Ballan wrasse (Credit Ian Pilling)
Colourful creatures abound on the chalk and sandstone reefs off Dover and Folkestone.
Lying between Dover and Folkestone is a surprising diversity of seabed structure which mirrors the geology on land.
Below the white cliffs is an important stretch of marine chalk reefs, interrupted by the Samphire Hoe platform which contains the spoil from the Channel Tunnel. Heading towards Folkestone both on the shore and out to sea, the chalk gives way to soft grey clay and then to the lower greensand that can be seen at Copt Point. Twin-shelled molluscs called piddocks live in the holes they bore in the soft chalk and clay here.
Harder rock is rare in the South-East, and the rugged outcropping ridges of Folkestone’s sandstone support many fragile branching sponges, alongside soft corals, fan worms and anemones. Crevices in the rock harbour crustaceans, fish, and even cuttlefish, while the edges are adorned with light-bulb sea squirts or bottlebrush bryozoans.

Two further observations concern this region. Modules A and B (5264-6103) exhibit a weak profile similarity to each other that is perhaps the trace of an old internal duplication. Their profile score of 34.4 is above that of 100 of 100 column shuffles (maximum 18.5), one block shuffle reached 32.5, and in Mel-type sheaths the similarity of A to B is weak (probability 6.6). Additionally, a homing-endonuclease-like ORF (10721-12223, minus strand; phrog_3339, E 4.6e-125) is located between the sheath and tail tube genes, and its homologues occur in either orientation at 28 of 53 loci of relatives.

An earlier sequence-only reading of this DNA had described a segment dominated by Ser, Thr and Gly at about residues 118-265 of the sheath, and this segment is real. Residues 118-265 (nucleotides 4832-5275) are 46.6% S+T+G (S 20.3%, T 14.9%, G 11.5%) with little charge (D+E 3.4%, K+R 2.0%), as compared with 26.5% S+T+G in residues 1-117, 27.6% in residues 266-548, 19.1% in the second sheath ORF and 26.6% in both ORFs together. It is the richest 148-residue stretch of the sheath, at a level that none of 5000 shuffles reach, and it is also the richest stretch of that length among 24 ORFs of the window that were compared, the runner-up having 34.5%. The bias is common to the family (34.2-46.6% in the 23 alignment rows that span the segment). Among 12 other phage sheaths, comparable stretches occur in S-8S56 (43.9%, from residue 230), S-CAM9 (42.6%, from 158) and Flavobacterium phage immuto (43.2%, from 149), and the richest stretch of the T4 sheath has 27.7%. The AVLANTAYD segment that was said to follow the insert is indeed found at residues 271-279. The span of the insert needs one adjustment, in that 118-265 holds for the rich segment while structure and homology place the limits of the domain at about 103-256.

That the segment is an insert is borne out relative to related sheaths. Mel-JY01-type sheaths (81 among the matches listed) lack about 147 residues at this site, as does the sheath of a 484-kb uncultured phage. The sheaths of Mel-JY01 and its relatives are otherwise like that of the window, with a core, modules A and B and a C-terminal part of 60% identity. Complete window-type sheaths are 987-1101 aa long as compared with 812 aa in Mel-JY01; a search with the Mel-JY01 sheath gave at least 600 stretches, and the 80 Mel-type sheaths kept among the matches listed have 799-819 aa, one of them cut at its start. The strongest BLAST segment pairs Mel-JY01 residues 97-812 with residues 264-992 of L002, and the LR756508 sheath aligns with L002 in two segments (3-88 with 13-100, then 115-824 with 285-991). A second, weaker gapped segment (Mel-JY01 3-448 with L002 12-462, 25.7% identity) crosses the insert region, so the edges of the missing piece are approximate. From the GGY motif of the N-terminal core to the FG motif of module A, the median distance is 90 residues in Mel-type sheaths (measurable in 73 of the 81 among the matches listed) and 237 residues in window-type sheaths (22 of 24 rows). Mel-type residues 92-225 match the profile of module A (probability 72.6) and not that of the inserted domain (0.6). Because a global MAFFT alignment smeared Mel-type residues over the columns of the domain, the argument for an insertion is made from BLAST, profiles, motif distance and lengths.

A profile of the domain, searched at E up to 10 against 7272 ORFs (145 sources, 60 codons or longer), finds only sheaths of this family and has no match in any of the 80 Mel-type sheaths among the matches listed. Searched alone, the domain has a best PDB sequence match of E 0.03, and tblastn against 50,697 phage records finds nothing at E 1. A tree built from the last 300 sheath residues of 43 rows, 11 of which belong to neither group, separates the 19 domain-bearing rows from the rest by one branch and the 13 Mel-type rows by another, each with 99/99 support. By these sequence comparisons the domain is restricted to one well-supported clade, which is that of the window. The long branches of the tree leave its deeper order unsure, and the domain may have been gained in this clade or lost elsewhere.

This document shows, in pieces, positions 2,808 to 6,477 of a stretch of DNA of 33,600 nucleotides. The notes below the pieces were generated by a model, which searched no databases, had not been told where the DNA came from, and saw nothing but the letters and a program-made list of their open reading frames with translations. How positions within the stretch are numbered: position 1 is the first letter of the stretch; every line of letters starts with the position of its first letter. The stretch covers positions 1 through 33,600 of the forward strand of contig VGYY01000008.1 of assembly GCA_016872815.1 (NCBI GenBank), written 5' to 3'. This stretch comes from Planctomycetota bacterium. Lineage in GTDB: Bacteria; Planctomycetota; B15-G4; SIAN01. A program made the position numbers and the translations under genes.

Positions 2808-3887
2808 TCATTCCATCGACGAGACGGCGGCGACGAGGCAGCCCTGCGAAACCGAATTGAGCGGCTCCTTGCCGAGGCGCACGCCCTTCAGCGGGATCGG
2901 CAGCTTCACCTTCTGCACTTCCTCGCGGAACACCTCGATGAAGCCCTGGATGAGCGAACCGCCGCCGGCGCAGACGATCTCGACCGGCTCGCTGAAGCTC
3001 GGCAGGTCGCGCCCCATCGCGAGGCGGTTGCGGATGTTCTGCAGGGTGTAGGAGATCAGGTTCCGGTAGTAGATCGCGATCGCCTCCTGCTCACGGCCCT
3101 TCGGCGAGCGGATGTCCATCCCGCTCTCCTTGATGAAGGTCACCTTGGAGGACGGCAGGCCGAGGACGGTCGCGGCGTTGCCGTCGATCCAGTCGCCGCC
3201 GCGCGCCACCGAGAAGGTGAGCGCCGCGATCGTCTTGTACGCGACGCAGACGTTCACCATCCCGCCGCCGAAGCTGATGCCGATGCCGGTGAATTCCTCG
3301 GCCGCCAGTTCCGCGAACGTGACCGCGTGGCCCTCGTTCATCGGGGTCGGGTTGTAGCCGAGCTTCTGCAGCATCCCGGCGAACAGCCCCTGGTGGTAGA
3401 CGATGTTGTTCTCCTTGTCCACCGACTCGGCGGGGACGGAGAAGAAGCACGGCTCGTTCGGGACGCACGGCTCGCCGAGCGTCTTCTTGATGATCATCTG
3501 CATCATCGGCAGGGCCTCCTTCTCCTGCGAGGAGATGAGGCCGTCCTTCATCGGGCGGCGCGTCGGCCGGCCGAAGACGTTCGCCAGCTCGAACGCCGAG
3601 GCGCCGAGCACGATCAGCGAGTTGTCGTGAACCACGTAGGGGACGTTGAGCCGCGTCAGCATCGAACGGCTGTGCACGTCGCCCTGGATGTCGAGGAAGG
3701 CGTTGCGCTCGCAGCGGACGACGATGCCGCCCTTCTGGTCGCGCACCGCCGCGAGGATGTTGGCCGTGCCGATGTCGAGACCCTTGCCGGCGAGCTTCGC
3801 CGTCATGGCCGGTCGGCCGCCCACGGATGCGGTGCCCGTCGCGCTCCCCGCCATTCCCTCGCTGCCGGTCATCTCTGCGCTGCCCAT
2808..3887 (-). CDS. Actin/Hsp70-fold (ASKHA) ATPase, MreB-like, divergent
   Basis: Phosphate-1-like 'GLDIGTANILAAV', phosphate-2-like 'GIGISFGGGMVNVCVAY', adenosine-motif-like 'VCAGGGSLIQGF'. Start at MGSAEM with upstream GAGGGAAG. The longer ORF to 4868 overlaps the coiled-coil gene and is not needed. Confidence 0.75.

This recommended Marine Conservation Zone is under consideration for the second tranche of MCZs
Defra have indicated that this site is now under consideration for tranche two and will potentially be included in the formal consultation at the beginning of 2015. Defra will now working to verify the evidence base for this site and will be looking to engage with stakeholders on both a local and national level to refine information about the site. Natural England and the Joint Nature Conservation Committee have indicated that this site is at high risk of damage or degradation due to the presence of vulnerable habitats or species within the site.
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Dive video of this site
Contains UKHO Law of the Sea data. Crown copyright and database right and contains Ordnance Survey Data Crown copyright and database 2012